Why a Micro Market Vending Business?
Self-service checkout sales grew by 20% in 2022. This is not a coincidence, but a combination of demand due to changing consumer behavior during and after the pandemic, and operators understanding the benefits micro markets can offer that vending machines cannot. First off, micro markets generate 5-6 times the revenue that vending locations do, according to industry revenue figures published by NAMA in the 2020 industry census report. This huge boost in revenue is due to several factors:
Sell Any Product
Operators can sell all kinds of products of all sizes. They are not limited by vending machine shelving that can only fit specific products, and don’t have to worry about buying different shelves for their vending machines in order to provide consumers with the products they want.
Sell More Expensive Products
Because you aren’t limited by space, you can sell any product you want, including more valuable and expensive products such as salads and sandwiches.
Consumer Buy More Products
Consumers buy more products because they can simply grab them, pay, and go. They won’t waste time selecting products at a vending machine or paying for each of them with more than one transaction. Placing tempting items at checkout can also help you grow your revenue, as consumers may pick up these extra items on an impulse and purchase them as well.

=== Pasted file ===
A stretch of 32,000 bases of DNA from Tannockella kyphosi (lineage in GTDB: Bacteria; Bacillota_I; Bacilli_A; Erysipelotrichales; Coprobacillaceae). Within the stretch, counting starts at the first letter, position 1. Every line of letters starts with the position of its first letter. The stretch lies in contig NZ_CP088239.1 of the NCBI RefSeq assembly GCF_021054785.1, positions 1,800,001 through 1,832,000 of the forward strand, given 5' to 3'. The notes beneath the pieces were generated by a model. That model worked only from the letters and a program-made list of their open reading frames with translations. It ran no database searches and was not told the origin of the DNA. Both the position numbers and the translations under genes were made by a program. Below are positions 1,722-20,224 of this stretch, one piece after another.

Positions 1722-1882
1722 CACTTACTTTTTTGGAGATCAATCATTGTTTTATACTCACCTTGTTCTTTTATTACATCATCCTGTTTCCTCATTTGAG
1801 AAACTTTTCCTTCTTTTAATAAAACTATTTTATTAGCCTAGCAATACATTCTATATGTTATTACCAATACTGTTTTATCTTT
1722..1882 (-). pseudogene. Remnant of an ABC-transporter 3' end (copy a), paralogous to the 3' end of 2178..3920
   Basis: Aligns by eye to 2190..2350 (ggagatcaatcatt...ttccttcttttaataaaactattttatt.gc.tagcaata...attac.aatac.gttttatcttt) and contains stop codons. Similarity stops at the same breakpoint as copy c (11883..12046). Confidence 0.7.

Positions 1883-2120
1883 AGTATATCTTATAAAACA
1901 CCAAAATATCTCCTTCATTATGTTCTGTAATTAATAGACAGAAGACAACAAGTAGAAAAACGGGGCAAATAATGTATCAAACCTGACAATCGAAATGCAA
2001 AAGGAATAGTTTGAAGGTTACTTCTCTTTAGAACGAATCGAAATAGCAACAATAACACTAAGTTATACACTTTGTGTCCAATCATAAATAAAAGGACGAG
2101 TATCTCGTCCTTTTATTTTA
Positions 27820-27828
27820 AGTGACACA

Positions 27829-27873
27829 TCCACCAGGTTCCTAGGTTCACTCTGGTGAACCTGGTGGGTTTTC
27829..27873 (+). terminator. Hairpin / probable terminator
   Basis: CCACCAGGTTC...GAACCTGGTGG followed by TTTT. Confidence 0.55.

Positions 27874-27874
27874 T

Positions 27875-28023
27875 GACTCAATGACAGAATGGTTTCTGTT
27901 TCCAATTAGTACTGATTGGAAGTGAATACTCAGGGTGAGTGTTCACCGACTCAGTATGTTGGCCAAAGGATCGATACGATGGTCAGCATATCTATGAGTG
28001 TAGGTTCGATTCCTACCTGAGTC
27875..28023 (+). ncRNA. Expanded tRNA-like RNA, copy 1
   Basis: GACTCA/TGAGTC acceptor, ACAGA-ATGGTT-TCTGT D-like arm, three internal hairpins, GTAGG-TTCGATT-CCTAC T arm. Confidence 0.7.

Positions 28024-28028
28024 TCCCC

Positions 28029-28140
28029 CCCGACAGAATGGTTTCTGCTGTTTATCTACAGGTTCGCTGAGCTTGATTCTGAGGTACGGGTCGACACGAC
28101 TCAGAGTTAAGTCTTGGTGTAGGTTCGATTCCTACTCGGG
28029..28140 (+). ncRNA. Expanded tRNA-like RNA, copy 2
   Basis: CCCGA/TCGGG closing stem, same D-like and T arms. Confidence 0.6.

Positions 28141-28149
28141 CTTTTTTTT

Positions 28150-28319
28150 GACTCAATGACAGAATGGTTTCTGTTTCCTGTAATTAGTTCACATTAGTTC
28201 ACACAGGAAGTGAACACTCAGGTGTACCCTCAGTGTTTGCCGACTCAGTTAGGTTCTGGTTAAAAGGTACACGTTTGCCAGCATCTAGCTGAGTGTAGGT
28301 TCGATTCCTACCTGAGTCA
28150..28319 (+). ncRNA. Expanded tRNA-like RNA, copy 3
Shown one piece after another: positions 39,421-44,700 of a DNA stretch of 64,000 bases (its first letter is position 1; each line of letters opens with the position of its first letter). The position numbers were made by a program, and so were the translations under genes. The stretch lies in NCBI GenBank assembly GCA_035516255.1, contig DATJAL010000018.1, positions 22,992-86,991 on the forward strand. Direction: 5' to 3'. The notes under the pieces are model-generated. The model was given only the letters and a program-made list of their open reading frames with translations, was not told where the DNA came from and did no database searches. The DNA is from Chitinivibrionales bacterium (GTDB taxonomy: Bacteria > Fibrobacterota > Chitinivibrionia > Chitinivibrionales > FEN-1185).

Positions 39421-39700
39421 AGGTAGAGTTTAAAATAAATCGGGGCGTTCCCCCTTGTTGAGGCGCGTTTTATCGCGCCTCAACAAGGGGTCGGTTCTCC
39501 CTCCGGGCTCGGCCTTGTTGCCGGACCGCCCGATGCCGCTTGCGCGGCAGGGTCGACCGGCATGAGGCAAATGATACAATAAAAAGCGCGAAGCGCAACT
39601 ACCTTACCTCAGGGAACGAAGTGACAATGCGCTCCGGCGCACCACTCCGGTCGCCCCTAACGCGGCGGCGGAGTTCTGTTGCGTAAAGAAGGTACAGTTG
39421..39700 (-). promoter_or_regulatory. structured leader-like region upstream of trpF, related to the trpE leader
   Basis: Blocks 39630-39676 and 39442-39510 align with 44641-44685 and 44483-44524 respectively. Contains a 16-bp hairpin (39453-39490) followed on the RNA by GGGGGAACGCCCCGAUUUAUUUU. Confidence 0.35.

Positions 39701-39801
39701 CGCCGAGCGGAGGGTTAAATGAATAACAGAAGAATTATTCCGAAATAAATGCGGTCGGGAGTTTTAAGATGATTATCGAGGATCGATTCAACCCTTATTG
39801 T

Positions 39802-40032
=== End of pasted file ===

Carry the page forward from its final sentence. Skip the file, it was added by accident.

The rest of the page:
Fewer Technical Errors
With a micro market, you won’t need to worry about items getting stuck or not being distributed to the customer.
Compared to vending machine operators, micro market operators don’t have to deal with nearly as many refunds. Since consumers can grab or choose their products on their own, they are very unlikely to pick an item that is past its best buy date, and as mentioned above, they are very unlikely to encounter a technical error.
Because micro markets are mostly located in closed-loop environments such as the workplace, you can work with Human Resources departments, for examples, to develop prepaid cards for employees that they can use at your micro markets, making their purchasing experience more convenient. You can also create discounts, happy hour promotions, and top up bonuses to further incentivize them to return and spend more.
So, how do you build a micro market business? For vending operators, it’s easier than you may think. Keep reading to find out how.
Building Your Micro Market Business Plan
The first step you need to take is to create a business plan for your micro market. This includes defining how much you want to invest and at which locations. When deciding where to locate your micro market, you may want to consider locations at which you already have vending machines. Already knowing the location, its managers, and its consumers can help you make a more educated decision about where to open your micro market. As we mentioned above, closed-loop environments such as offices and factories are some of the most popular locations for micro markets, as they are generally closed to the public and have higher security and trust.